More than 7.7 million Colombians have been internally displaced by conflict-related violence since 1985, government figures reveal. More than 48,000 were displaced between January and November 2017. Nationwide, forced displacement has significantly decreased since 2015, although it remains high in many areas. In Litoral de San Juan, in southern Chocó, the number of people displaced in 2016 represented 20 percent of the population.
The government’s implementation of land restitution under the 2011 Victims’ Law continues to move slowly. The law was enacted to restore millions of hectares of land that was abandoned or stolen during the many years of conflict to internally displaced Colombians. As of August 2017, the courts had issued rulings in just 5,400 of more than 106,000 claims received.
Gender-based violence is widespread in Colombia. Lack of training and poor implementation of treatment protocols impede timely access to medical services and create obstacles for women and girls seeking post-violence care. Perpetrators of gender-based violence crimes are rarely brought to justice.
In July 2015, “femicide”—defined, in part, as the murder of a woman because of her gender—became a crime. The law established comprehensive measures to prevent and prosecute gender-based violence, including recognizing the rights of victims and their relatives to specialized legal assistance.
In recent years, authorities in Colombia have taken several steps to recognize the rights of lesbian, gay, bisexual, and transgender (LGBT) people. In June 2015, the Justice Ministry issued a decree allowing people to revise the gender noted on their identification documents without prior judicial approval. In November 2015, the Constitutional Court ruled that no one can be barred from adopting a child because of their sexual orientation. In April 2016, the court upheld the right of same-sex couples to marry. In May 2017, lawmakers rejected a legislative proposal to hold a referendum that would have put progress in jeopardy by asking voters to decide whether same-sex couples and single people should be allowed to adopt children.
Indigenous people in Colombia suffer disproportionate limitations on their enjoyment of social and economic rights. From January through August 2017, at least 24 children indigenous—the majority of them belonging to Wayuu communities—died in the province of La Guajira of causes associated with malnutrition. Many of these deaths are caused by limited access to drinking water. The Inter-American Commission of Human Rights (IACHR) had asked the government in December 2015 to take measures to curb these deaths. In January 2017, the IACHR expanded the request to cover pregnant and breastfeeding women.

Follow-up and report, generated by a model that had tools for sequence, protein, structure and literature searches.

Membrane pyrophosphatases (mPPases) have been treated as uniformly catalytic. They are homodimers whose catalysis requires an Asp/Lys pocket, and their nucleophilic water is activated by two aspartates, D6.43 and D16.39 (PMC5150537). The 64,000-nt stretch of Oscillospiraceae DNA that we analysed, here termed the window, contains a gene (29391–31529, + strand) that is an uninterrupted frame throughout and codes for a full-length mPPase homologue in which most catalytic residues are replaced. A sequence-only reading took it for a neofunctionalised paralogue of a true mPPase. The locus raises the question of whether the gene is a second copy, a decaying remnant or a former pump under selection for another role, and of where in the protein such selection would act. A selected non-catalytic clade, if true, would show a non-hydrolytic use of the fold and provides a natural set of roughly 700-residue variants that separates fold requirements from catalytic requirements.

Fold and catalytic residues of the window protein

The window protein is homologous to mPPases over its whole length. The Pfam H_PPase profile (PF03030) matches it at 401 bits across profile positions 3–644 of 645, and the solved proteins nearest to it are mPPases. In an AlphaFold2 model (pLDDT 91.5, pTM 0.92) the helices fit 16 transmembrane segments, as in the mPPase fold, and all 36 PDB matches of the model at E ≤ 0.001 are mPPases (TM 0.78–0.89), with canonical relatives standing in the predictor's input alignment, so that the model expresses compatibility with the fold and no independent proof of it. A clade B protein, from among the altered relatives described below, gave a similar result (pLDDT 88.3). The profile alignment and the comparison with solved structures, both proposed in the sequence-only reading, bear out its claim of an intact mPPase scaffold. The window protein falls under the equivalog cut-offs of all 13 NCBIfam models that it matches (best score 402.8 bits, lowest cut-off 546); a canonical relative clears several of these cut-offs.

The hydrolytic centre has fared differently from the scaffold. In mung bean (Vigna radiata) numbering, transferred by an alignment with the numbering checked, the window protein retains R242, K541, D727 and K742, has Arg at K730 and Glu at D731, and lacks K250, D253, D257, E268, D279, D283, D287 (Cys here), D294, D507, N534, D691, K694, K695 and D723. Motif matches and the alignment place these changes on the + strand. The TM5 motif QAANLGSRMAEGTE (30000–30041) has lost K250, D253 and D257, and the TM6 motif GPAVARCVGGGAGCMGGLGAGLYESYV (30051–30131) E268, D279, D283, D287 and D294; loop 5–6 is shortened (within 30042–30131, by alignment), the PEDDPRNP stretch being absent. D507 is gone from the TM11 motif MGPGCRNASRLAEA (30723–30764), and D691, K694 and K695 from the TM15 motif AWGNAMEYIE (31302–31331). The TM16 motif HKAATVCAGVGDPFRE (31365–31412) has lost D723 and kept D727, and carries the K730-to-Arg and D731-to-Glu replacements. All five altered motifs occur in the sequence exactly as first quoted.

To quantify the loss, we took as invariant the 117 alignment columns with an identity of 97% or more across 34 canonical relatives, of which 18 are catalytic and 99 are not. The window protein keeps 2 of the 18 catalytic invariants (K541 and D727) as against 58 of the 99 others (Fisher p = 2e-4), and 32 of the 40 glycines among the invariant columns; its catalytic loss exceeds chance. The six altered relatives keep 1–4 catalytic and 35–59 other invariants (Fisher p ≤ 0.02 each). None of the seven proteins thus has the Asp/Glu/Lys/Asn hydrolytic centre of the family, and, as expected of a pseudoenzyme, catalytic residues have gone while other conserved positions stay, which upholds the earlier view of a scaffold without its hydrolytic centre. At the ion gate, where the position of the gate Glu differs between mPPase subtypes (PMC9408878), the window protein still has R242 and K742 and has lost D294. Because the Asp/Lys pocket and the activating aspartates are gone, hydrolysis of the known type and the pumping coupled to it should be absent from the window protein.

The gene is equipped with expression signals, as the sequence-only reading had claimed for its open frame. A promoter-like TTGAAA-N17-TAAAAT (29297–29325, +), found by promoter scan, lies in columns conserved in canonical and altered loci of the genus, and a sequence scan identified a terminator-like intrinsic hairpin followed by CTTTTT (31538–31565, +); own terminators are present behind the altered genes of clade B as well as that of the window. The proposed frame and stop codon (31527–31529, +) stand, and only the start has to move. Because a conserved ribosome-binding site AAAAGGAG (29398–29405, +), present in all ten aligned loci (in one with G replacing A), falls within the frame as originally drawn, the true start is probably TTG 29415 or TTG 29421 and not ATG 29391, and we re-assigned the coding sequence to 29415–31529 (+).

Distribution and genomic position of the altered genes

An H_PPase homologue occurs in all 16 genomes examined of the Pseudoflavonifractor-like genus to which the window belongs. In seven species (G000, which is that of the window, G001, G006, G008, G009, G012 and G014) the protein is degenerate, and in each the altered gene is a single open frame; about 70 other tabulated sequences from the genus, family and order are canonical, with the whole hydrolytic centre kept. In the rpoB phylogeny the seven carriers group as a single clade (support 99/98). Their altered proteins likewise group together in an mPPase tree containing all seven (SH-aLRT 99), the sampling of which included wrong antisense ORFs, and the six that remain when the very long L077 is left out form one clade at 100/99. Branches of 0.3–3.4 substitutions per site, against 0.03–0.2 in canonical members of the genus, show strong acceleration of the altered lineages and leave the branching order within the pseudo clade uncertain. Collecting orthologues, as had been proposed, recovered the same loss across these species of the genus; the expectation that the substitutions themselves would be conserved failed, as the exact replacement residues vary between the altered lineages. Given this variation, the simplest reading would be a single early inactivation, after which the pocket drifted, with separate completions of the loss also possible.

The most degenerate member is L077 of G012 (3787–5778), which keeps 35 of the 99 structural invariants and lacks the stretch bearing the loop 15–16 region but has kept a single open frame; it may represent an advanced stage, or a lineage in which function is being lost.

The United States remains the most influential foreign actor in Colombia. At time of writing, the US Congress was moving forward with approval of more than US$390 million in aid; mostly for development and drug enforcement. A portion of US military aid is subject to human rights conditions, which the US Department of State has not rigorously enforced.
The Office of the Prosecutor of the International Criminal Court (ICC) continues to monitor Colombian investigations of crimes that may fall within the court’s jurisdiction, and the prosecutor, Fatou Bensouda, conducted a mission to the country in September 2017. Upon request of the Constitutional Court, in October, Bensouda issued an amicus curiae before the court expressing concern about the definition of “command responsibility” and flaws in the amnesty law.
In September 2017, Pope Francis visited Colombia. He supported the peace process with the FARC and asked Colombians to “welcome every person who has committed offences, who admits their failures, is repentant and truly wants to make reparation.”
In January 2016, the UN Security Council, at the government’s request, established a political mission under a tripartite mechanism—the UN, the government, and FARC—to monitor and verify the peace agreement’s definitive bilateral ceasefire and cessation of hostilities, and the laying down of arms. In July 2017, the Security Council created a second mission in charge of verifying the reintegration of FARC guerrillas.
In 2017, the Colombian government supported regional efforts to help solve the human rights crisis in Venezuela. In August, Colombia’s foreign affairs minister signed, along with those of 11 other nations, the Lima Declaration, a comprehensive statement condemning the rupture of democratic order and the systematic violation of human rights in Venezuela.
Since 2014, when the crisis started to deepen, thousands of Venezuelans have migrated to Colombia. In July 2017, the Colombian government created a special permit that allows Venezuelan citizens who entered the country legally, but have overstayed their visas, to regularize their status.